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Today our trip started properly. Instead of taking the N7 main road between Cape Town and Windhoek in Namibia, which would have taken us to Clanwilliam in just over three hours, we decided to take the slightly longer, scenic route via Paarl and Citrusdal, land of orchards.

We made six stops, having to turn off the main road to find opportunities to park the car.

S2561 was north of the village of Saron to photograph fields full of white and purple coloured wildflowers and bulbs. [PS: Although I have copies of John Manning’s excellent Wildflower book and The Colour Encyclopedia of Cape Bulbs by Manning, Goldblatt & Snijman, I’m prioritising finding IDs for the succulent plants that we saw but hope to come back to wildflowers and bulbs in months to come.]

At S2562, a little farther up the road, I did at least recognise bulb flowers from the genus Albuca that I had photographed (including labels) yesterday at Kirstenbosch.

After a hamburger and cola lunch, we took a turn west, signposted to Paleisheuvel (Palace Hill) and stopped for more wild flower photography (S2563). Here we spotted the first member of the Family Geraniaceae of the trip. I hope to see Sarcocaulon / Monsonia and had bought Charles Craib & John Lavranos’ book ‘The Bushman Candles’ that neatly sidesteps what to call these plants. I’ll be calling them Sarcocaulon in these Diaries. However, the plants here were not that genus. Pelargoniums? With 280 species in that genus, this plant too will take a while to ID. [PS: Pelargonium triste]

Next we took a track up the Middelbergpas, where under heavy clouds despite light drizzle and strong winds we made another stop (S2564) and I introduced my camera to its first succulent plant, probably an Adromischus (note to self: ask Father Christmas for the John Pilbeam, Chris Rodgerson, Derek Tribble Adromischus book).  Derek has a very useful website at http://myweb.tiscali.co.uk/adrodisp/ that covers lots of information about the genus from which I learned that identification of the 47 taxa in 5 Sections relies heavily on different flower structures. Great! Throughout our trip I saw no plants that I suspect to be members of this genus in flower – just dead flowerstalks, broken off around some 15 cm (6″) above the plant. So it’s down to searching for images that might provide a match and Google searches for genus + nearest town name to see what crops up (aka geographical botany, not perfect!)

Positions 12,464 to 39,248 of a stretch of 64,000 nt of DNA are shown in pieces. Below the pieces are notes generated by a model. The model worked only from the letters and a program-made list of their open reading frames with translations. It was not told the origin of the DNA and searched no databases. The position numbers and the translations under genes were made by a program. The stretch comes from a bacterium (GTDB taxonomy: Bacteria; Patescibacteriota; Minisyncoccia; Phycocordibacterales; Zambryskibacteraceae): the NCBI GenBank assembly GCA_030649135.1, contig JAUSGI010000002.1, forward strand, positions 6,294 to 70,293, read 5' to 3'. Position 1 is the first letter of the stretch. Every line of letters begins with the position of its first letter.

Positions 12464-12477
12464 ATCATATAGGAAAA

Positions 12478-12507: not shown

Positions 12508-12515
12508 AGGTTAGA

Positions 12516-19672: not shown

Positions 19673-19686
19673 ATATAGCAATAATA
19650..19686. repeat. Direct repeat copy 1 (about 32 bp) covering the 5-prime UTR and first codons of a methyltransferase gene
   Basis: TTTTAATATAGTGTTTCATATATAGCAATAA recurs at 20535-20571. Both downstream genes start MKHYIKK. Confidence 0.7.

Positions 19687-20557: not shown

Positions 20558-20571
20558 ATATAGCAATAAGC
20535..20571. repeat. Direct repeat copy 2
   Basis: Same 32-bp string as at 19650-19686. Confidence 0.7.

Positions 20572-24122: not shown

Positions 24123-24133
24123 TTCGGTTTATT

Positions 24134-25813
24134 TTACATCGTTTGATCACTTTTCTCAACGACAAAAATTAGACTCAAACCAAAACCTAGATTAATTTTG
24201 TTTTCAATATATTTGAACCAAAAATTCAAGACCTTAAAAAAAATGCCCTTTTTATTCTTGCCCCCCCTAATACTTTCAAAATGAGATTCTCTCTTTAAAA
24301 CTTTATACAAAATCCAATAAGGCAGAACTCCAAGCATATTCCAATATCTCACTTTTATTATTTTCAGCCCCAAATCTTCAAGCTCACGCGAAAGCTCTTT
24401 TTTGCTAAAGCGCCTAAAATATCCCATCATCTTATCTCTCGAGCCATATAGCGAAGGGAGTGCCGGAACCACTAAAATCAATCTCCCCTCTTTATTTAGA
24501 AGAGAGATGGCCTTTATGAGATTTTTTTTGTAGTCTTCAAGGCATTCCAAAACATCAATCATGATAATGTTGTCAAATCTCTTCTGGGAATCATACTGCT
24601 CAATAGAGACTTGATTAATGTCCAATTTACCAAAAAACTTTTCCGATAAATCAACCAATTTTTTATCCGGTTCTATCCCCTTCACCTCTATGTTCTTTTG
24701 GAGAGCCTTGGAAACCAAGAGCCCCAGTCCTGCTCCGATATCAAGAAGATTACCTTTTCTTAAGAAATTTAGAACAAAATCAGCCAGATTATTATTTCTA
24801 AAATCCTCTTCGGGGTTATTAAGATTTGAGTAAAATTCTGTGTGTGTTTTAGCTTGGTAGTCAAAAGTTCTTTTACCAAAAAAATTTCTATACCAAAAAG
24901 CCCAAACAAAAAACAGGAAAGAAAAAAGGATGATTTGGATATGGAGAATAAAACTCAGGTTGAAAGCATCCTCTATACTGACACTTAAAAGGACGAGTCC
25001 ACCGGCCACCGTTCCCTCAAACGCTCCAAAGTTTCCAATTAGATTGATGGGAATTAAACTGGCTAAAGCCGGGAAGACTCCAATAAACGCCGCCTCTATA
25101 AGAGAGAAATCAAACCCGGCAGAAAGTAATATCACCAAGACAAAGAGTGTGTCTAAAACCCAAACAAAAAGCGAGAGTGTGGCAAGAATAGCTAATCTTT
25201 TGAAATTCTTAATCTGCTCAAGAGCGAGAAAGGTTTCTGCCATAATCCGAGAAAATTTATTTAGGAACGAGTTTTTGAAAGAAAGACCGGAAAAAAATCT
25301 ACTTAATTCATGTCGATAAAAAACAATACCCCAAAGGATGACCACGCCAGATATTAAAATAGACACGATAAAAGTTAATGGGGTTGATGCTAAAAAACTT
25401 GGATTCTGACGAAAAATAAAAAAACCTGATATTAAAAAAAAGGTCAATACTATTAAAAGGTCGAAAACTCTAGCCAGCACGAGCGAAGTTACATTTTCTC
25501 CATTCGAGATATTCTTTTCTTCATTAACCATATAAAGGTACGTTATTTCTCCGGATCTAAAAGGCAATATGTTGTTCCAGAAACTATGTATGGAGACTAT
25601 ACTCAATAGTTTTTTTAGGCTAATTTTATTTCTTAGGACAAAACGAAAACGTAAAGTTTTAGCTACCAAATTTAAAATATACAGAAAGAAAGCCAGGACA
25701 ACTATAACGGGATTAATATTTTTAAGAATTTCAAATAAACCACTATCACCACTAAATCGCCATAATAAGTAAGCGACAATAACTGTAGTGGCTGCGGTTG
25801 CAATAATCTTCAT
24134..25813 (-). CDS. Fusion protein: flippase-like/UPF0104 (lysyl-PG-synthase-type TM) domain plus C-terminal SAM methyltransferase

Adromischus hemisphaericus near the summit of the Middelbergpas.

Adromischus hemisphaericus near the summit of the Middelbergpas.

I had a molar extracted a few days before our flight from the UK and the after effects were still bothering me. [a few days later this turned into a nasty sinus infection] so pointing my camera from underneath the hood of my jacket in a cold wind and drizzle I was not enjoying my first plant experiences of Africa. Fortunately I continued to take pictures so that I am now able to enjoy this stage of our trip.

We moved on, with me dozing in the back seat, until we stopped alongside a large lake, a man- made lake in the Olifants Rivier, created by the Clanwilliam dam (S2565). The weather had dried up again and there was some late afternoon sunshine as I photographed the Boterboom (Butter Tree, Tylecodon paniculatus), which is not a tree at all but rather a stem succulent in the family Crassulacae of some 1.5m  (5 ft) in height. The plants were in full leaf but, as we would hear many times during our stay, South Africa had experienced the wettest year recorded during the last fifty years, with the previous year also much wetter than usual. So while I was happy to take some nice pictures of this plant, I was disappointed that the fat stem, that is the reason why the plant is grown by hobbyists, was here largely obscured by other vegetation.

One thing that I was unsure of, through ignorance, for most succulents that we were to see, was how common or rare the plant in front of my camera was. So I treated each occasion as may be the only opportunity to take their picture. We were to see Tylecodon paniculatus many more times in weeks to come and I did get some nice shots of the exposed stems later in the arid areas in the north.

There were also some nice Crassula sp. here, with a thin row of hairs along the leaf’s edge. I’m provisionally calling it C. tomentosa, but am open to alternative suggestions.

Crassula tomentosa

C. tomentosa is reported to be a variable species.

It was more of the same, plant wise at the last stop of the day (S2566), farther along the reservoir.

Not a bad crop of images for the first day, despite me feeling like death warmed up and with weather conditions not what we had expected. It could get a lot better!

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